leave West Calumet. While the EPA did not request FEMA to relocate the Plaintiffs, as required
under § 300.415(f), any deviation by the Plaintiffs from the federal regulations in this regard
could be considered insubstantial. See R.E. Goodson Const., 2006 WL 4916336, at *34 (“To
preclude [plaintiff’s] recovery on the basis of noncompliance with the NCP would defeat cost
recovery . . . based on a mere technical failure and ignore the equitable component that Congress
and EPA built into cleanup cost decisions.”) (quotation marks omitted); Sherwin-Williams Co. v.
ARTRA Grp., Inc., 125 F. Supp. 2d 739, 752 (D. Md. 2001). It may be the case that the evidence
will show that some of these factual allegations are inaccurate, or that it was unreasonable for the
Plaintiffs to have relied upon them in seeking to relocate. But at this stage of the proceedings, the
Court is not tasked with resolving factual questions. All the Court must decide is whether there
are enough facts to put the Defendant on reasonable notice as to the nature of the Plaintiffs’
claims and to allow the Court “to draw the reasonable inference that the [D]efendant[s are] liable
for the misconduct alleged.” Ashcroft, 556 U.S. at 678 (citation omitted). The Court finds that the
Complaint does just that.
Accordingly, the Court denies the Defendants’ Motions to Dismiss the Plaintiffs’
CERCLA Section 107(a) Claim for Cost Recovery.
State Law Claims
The Plaintiffs have pled claims under Indiana law for nuisance and negligence. The
Defendants’ Motions 12 present four arguments as to why this Court should dismiss the Plaintiffs’
state law claims. First, the state law claims are barred by the statute of limitations. Second, the
Plaintiffs are barred from double recovering for the same injury under their CERCLA and state
law claims. Third, the Defendants cannot be held liable under a theory of nuisance. Fourth, the
Defendants owed no duty to the Plaintiffs and the Complaint fails to allege causation.
Statute of Limitations
Whether the Plaintiffs’ state law claims involve personal injury or property damage,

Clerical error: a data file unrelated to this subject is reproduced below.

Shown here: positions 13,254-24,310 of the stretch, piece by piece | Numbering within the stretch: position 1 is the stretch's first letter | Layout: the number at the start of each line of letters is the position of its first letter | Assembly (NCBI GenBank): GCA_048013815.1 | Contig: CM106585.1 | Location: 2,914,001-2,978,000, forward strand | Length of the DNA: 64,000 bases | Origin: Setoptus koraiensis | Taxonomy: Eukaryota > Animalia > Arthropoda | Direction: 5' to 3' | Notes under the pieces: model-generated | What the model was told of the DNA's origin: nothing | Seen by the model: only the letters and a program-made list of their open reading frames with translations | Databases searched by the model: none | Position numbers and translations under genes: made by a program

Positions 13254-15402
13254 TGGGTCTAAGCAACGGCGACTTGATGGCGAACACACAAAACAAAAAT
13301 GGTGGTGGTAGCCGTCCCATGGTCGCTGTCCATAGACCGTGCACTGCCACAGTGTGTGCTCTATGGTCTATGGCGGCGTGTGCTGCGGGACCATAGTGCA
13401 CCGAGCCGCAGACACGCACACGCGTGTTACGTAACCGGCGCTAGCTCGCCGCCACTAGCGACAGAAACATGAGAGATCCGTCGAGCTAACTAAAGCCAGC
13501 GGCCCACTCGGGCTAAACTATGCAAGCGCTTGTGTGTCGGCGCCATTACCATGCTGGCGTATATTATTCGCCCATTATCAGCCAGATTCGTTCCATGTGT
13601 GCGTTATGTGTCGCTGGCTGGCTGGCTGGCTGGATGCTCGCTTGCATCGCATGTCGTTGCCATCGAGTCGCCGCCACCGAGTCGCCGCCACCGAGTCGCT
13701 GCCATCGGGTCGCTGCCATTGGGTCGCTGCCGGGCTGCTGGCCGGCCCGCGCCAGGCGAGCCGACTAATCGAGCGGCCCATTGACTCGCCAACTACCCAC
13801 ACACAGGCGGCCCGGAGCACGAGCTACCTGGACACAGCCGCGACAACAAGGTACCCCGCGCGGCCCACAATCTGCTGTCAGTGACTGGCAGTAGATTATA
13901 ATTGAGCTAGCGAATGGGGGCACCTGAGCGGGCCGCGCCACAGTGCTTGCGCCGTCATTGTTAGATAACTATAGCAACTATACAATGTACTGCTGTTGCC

Defendant DuPont argues that the Plaintiffs’ claims are barred by the statute of limitations. An
action for personal injury must commence within two years of the time the cause of action
accrues, Ind. Code § 43-11-2-4, and an action for property damage must commence within six
years of the time the cause of action accrues, Id. § 34-11-2-7(3). Once “a claimant knows or in
the exercise of ordinary diligence should have known of the injury,” the limitations period begins
to run. Cooper Indus., LLC v. City of S. Bend, 899 N.E.2d 1274, 1280 (Ind. 2009); see also
McFarland Foods Corp. v. Chevron USA, Inc., No. IP 99-1489, 2001 WL 238084, at *3 (S.D.
Both Defendants filed separate Motions to Dismiss the Plaintiffs’ state law claims, joining in
some of the same arguments. Where appropriate, the Court considers an argument raised in one
Defendant’s Motion as applicable to the other Defendant as well.
Ind. Jan. 5, 2001). “[A] motion to dismiss based on [the] failure to comply with the statute of
limitations should be granted only where the allegations of the complaint itself set forth
everything necessary to satisfy the affirmative defense.” Chi. Bldg. Design P.C. v. Mongolian
House, Inc., 770 F.3d 610, 613–14 (7th Cir. 2014) (quoting United States v. Lewis, 411 F.3d 838,
842 (7th Cir. 2005)).
Offering ample evidence from the public record, Defendant DuPont argues that the
Plaintiffs knew or should have known of West Calumet contamination more than six years
before bringing their claims. In March 2006, the EPA started its public cleanup efforts at the
USS Lead Site (See EPA Press Release Mar. 2006 1–2, ECF No. 43-6.) In October 2007, the
Indiana Department of Environmental Management (IDEM) and the EPA released a fact sheet
on the cleanup at the Site. (See Fact Sheet Oct. 2007 1–4, ECF No. 43-7.) Then in June 2008, the
EPA sent a postcard to residents in the neighborhood that it was “working . . . to remove leadcontaminated soil from some yards.” (See EPA Postcard June 2008, ECF No 43-8.) A newspaper
advertisement ran on May 23, 2010, which stated that the EPA “would like to schedule
interviews with residents to talk about the lead contamination in the neighborhood yards.” (See
Newspaper Advertisement May 2010, ECF No. 43-10.) In April 2011, the EPA prepared a
Community Involvement Plan to “promot[e] communication between citizens and the Agency.”
(See Cmty. Involvement Plan 1-1, ECF No. 43-11.) Finally, the EPA published notice of its
proposed remediation plan for the USS Lead Site in local publications on July 12, 2012, solicited
public comments by mailing its fact sheet to area residents, and then held a public meeting at the
East Chicago Public Library regarding the plan on July 25, 2012. (Consent Decree ¶ I.J 2; see
also EPA Press Release July 2012 2–6, ECF No. 43-14.) For their part, the Plaintiffs argue that
their claims are not barred under Seventh Circuit precedent. They argue that none of the factual
allegations in the Complaint itself show that the Plaintiffs “clearly had notice of their claims
outside of the limitations period.” (Pls.’ Opp’n 25.)
The Court does not find that this evidence put forth by Defendant DuPont shows that the
Plaintiffs’ causes of action accrued outside the statute of limitations period. The evidence that
Defendant DuPont attached to its Motion all relates to the EPA’s plan in 2012. At that time, the